The Company as Workshop for Prosperous Life

This is the title of a cen­tral chap­ter in Bodo Janssen’s new book “Kraftquelle Tra­di­tion. Benedik­tinis­che Leben­skun­st für heute” (Ama­zon Affil­i­ate-Link). Com­pa­nies are more than just places of val­ue cre­ation and their pur­pose cer­tain­ly is not prof­it. The eco­nom­ic suc­cess is the result of the self-actu­al­iza­tion of the mem­bers in this work­shop for pros­per­ous life. A refresh­ing­ly dif­fer­ent way of look­ing at com­pa­nies and the pur­pose of com­pa­nies, in which the human being is not only a means, but is actu­al­ly at its core.

But the work­shop in which we per­form all these works with dili­gence is the enclo­sure of the monastery, and sta­bil­i­ty in the community.

Reg­u­la Bene­dic­ti (4,78)

This sen­tence con­cludes the fourth chap­ter of the Reg­u­la Bene­dic­ti, the Rule of Saint Bene­dict, writ­ten by Bene­dict of Nur­sia around 540 to help orga­nize life in the monastery of Monte Cassi­no, which he found­ed. Since then it has formed the basis of the Bene­dic­tine Order. And since his stays in var­i­ous Bene­dic­tine monas­ter­ies, this Reg­u­la Bene­dic­ti now inspires and leads Bodo Janssen in the rad­i­cal and suc­cess­ful trans­for­ma­tion of his hotel chain Upstals­boom into a work­shop for pros­per­ous life.

The term work­shop imme­di­ate­ly rais­es the ques­tion of which instru­ments should be used there. Bene­dict of Nur­sia gives the answer in exact­ly this fourth chap­ter in the form of 73 “Instru­ments of Good Works”, which are basi­cal­ly good habits for a suc­cess­ful life. For Bodo Janssen, these good habits con­tain the “answer to the ques­tion: What can I do every day to make my life a suc­cess, to make my time with my work and the peo­ple around me a joy?” A ques­tion we should ask our­selves much more often.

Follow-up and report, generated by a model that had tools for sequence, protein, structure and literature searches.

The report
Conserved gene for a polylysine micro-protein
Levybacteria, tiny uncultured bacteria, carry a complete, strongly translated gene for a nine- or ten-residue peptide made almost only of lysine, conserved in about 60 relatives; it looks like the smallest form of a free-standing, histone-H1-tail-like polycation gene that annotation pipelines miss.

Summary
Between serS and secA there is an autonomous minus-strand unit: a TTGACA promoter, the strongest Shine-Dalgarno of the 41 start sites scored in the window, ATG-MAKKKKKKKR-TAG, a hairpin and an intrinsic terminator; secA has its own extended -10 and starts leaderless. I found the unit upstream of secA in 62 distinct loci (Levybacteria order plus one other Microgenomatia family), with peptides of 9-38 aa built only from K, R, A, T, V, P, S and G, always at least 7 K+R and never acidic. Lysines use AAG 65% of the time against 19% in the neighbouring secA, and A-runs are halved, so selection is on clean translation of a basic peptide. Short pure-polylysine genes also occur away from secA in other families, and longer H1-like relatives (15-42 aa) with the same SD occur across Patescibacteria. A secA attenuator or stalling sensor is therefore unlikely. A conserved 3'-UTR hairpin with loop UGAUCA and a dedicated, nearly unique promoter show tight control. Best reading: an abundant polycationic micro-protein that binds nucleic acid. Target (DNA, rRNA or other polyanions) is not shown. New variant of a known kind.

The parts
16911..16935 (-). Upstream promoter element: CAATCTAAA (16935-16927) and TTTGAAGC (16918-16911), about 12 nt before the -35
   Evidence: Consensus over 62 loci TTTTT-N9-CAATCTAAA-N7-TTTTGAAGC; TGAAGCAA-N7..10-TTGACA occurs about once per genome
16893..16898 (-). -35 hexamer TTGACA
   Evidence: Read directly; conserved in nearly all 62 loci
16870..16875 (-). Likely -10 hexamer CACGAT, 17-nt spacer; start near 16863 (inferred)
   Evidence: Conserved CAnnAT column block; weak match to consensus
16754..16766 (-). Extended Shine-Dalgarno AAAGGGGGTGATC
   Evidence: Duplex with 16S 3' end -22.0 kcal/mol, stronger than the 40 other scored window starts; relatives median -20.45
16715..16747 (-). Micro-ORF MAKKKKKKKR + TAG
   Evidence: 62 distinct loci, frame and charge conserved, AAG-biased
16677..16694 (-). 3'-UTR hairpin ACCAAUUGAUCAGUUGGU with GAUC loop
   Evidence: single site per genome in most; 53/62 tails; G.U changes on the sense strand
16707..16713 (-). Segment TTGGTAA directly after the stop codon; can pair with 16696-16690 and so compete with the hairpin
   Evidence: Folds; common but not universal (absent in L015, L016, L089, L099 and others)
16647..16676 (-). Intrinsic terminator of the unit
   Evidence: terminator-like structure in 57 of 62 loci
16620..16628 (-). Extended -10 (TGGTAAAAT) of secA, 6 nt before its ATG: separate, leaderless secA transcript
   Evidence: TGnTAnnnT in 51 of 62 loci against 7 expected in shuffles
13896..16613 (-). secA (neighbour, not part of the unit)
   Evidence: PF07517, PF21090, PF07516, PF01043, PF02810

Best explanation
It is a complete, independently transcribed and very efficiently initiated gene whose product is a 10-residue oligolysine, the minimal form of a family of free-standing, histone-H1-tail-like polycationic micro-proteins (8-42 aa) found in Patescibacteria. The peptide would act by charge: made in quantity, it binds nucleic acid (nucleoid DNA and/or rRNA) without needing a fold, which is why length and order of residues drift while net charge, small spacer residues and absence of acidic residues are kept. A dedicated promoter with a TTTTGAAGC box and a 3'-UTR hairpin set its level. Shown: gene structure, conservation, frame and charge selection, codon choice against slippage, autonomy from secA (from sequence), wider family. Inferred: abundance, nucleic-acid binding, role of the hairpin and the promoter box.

Let no one fol­low what he thin­keth use­ful to him­self, but rather to another.

Reg­u­la Bene­dic­ti (72,7)

Already 1500 years ago the prin­ci­ple of equal dig­ni­ty was of cen­tral impor­tance for Bene­dict of Nur­sia, which was at least as rad­i­cal­ly dif­fer­ent in the social order of the ear­ly Mid­dle Ages as we feel it today in our hier­ar­chi­cal­ly struc­tured cul­ture. While our actions today are often guid­ed by the ego-cen­tered ques­tion “What do I gain from the exis­tence of oth­ers and the com­mu­ni­ty?”, Bene­dict of Nur­sia is con­cerned with the oppo­site ques­tion: “What does the com­mu­ni­ty gain from my exis­tence?” Thus the com­mu­ni­ty has much more the char­ac­ter of a net­work than of a hier­ar­chy and this net­work lives from the indi­vid­ual contributions.

Fourth the­sis of the Man­i­festo for Human(e) Leadership

For Bene­dict of Nur­sia, work and life are not sep­a­rat­ed. There is no need for a work-life bal­ance in the monastery. Work is life and work serves life. His goal was to orga­nize the life of the com­mu­ni­ty in such a way that it becomes a work­shop for a pros­per­ous life. 

How­ev­er, Bene­dict of Nur­sia does dis­tin­guish between dif­fer­ent areas of life and tasks, which is clear­ly expressed by the rule “ora et lab­o­ra”, i.e. “pray and work”. The times of prayer, silence and reflec­tion are sacred in the sense that there is noth­ing more impor­tant. These seem­ing­ly unpro­duc­tive paus­es, dur­ing which the cre­ative per­for­mance of the human mind demon­stra­bly takes place, struc­ture and calm the dai­ly rou­tine in the monastery. A small dif­fer­ence, which makes a big dif­fer­ence, as Bodo Janssen him­self expe­ri­enced dur­ing his vis­its to the monastery. So when we skip lunch again or when one meet­ing fol­lows anoth­er in our cal­en­dar, we should remem­ber that these times are sacred and that idle­ness is also essential. 

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